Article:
Implications of the changing role of the Ambulance Paramedic for the interpretation of inappropriate calls: a review of the literature

Tags: ambulance service, Emergency Medicine Journal, performance indicators, role, development, ambulance crews, ambulance paramedic, emergency calls, literature, calls, Heath, pp, ambulance services, appropriateness, emergency care practitioners, policy implications, Emergency Medicine, paramedics, Healthcare Commission, performance, emergency services, Staffordshire University, dispatch system, UK Geoffrey Heath Keele University, ambulance calls, response, UK Government policy, Commission for Health Improvement, Snooks, Foster Intelligence, dispatch systems, emergency care, Health Service Journal, Ireland, Department of Health, Radcliffe, London Ambulance Service, Journal of Emergency Nursing, management skills, operational costs, South Yorkshire ambulance service, ECP, ECPs, Journal of Accident and Emergency Medicine, alcohol intoxication, Fosbinder, D., James Radcliffe, An emergency department staff, perceptions, verbal abuse, emergency departments, emergency ambulance services, ambulance paramedics
Content: Implications of the changing role of the Ambulance Paramedic for the interpretation of inappropriate calls: a review of the literature James Radcliffe Staffordshire University, UK Geoffrey Heath Keele University, UK Correspondence address James Radcliffe PhD, Principal Lecturer in Health Policy, Faculty of Health, Staffordshire University, Blackheath Lane, Stafford, ST18 0AD, UK. Phone 01785 353766 Fax 01785 353673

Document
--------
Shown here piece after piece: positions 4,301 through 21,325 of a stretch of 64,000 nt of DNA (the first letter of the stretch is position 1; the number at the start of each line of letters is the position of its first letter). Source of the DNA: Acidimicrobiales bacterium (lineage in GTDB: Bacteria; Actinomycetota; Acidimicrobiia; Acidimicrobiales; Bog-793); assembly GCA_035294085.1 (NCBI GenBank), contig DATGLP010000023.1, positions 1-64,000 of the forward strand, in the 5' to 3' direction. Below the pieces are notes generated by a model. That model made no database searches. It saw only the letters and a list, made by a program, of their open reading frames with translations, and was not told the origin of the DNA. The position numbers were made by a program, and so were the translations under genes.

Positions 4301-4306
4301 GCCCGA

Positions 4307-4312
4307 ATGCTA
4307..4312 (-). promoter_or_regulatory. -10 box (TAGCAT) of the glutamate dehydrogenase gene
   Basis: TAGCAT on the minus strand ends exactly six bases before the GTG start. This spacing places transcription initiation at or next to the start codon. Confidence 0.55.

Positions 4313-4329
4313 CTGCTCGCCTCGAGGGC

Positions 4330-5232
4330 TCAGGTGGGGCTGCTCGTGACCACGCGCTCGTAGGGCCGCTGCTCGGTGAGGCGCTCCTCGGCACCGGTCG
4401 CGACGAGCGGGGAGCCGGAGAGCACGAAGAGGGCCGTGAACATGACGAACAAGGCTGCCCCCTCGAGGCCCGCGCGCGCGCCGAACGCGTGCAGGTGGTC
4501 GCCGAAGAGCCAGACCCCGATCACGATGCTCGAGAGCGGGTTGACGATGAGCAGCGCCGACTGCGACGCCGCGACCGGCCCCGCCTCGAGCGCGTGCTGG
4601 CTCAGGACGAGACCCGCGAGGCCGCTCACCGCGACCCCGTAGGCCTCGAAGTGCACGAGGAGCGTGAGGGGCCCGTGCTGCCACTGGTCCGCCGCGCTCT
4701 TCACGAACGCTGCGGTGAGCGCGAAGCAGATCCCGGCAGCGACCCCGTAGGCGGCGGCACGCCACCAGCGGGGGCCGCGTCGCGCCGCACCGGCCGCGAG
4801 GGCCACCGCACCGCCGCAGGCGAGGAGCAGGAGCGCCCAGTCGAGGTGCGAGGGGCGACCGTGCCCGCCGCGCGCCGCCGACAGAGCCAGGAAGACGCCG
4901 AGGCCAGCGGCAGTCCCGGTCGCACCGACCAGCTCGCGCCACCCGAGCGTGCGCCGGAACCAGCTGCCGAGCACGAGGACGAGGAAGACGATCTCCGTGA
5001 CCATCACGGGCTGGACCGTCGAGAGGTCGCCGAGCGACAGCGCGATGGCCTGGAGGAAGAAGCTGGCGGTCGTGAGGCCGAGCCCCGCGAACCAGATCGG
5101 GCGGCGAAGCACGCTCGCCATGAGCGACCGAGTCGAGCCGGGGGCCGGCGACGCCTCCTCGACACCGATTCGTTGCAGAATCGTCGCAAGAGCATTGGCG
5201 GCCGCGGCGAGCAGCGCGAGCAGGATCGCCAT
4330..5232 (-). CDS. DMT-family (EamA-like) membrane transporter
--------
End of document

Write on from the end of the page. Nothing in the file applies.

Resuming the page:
Implications of the changing role of the Ambulance Paramedic for the interpretation of inappropriate calls: a review of the literature Abstract Objectives: This article is a review of the literature on the changing role of the ambulance paramedic in the light of recent changes in UK Government policy towards the ambulance service. Methods: A systematic review of the literature on the Ambulance Service in the UK was carried out with regard to the expanding role and skills of ambulance paramedics in assessing, treating and advising patients at the scene of an emergency call-out. This involved accessing papers on the impact of increasing call outs, debates about the appropriateness of emergency calls, the outcomes of changing patterns of ambulance service practices and the effects of the performance indicators appertaining. Results: The review identifies the differences in the interpretation of the appropriateness of call-outs between ambulance callers and professionals. It also establishes that the contrast in perspectives has increased in importance as the number of call-outs has risen and the role of the paramedic has been developed. The narrow performance measurement regime in place intensifies this dilemma. These developments have implications for assessing the impact of improved ambulance services in terms of efficiency and effectiveness. Conclusions: A more balanced set of performance indicators is required, which would clearly recognise the work done by ambulance paramedics on the ground. This should reflect the perceptions of professionals and users concerning appropriateness. In addition there were gaps identified in the literature, especially with regard to the managerial and policy implications of changes in the service. Introduction Formerly, the role of emergency ambulance staff was seen as concentrating on transporting patients speedily to Hospital Accident and Emergency (A&E) units. It is now accepted, however, that the role of the ambulance paramedic has evolved to encompass a greater range of skills to be applied in a wider variety of situations. Indeed this is part of a pattern of extending the practice roles of allied health professionals (such as paramedics, physiotherapists and radiographers) which has been undertaken more generally (McPherson et al., 2006). The Department of Health has acknowledged that `Traditionally ambulance services have been perceived as an emergency service... stabilising the patient's condition sufficiently for rapid transport to hospital for definitive care...Ambulance services have changed their 2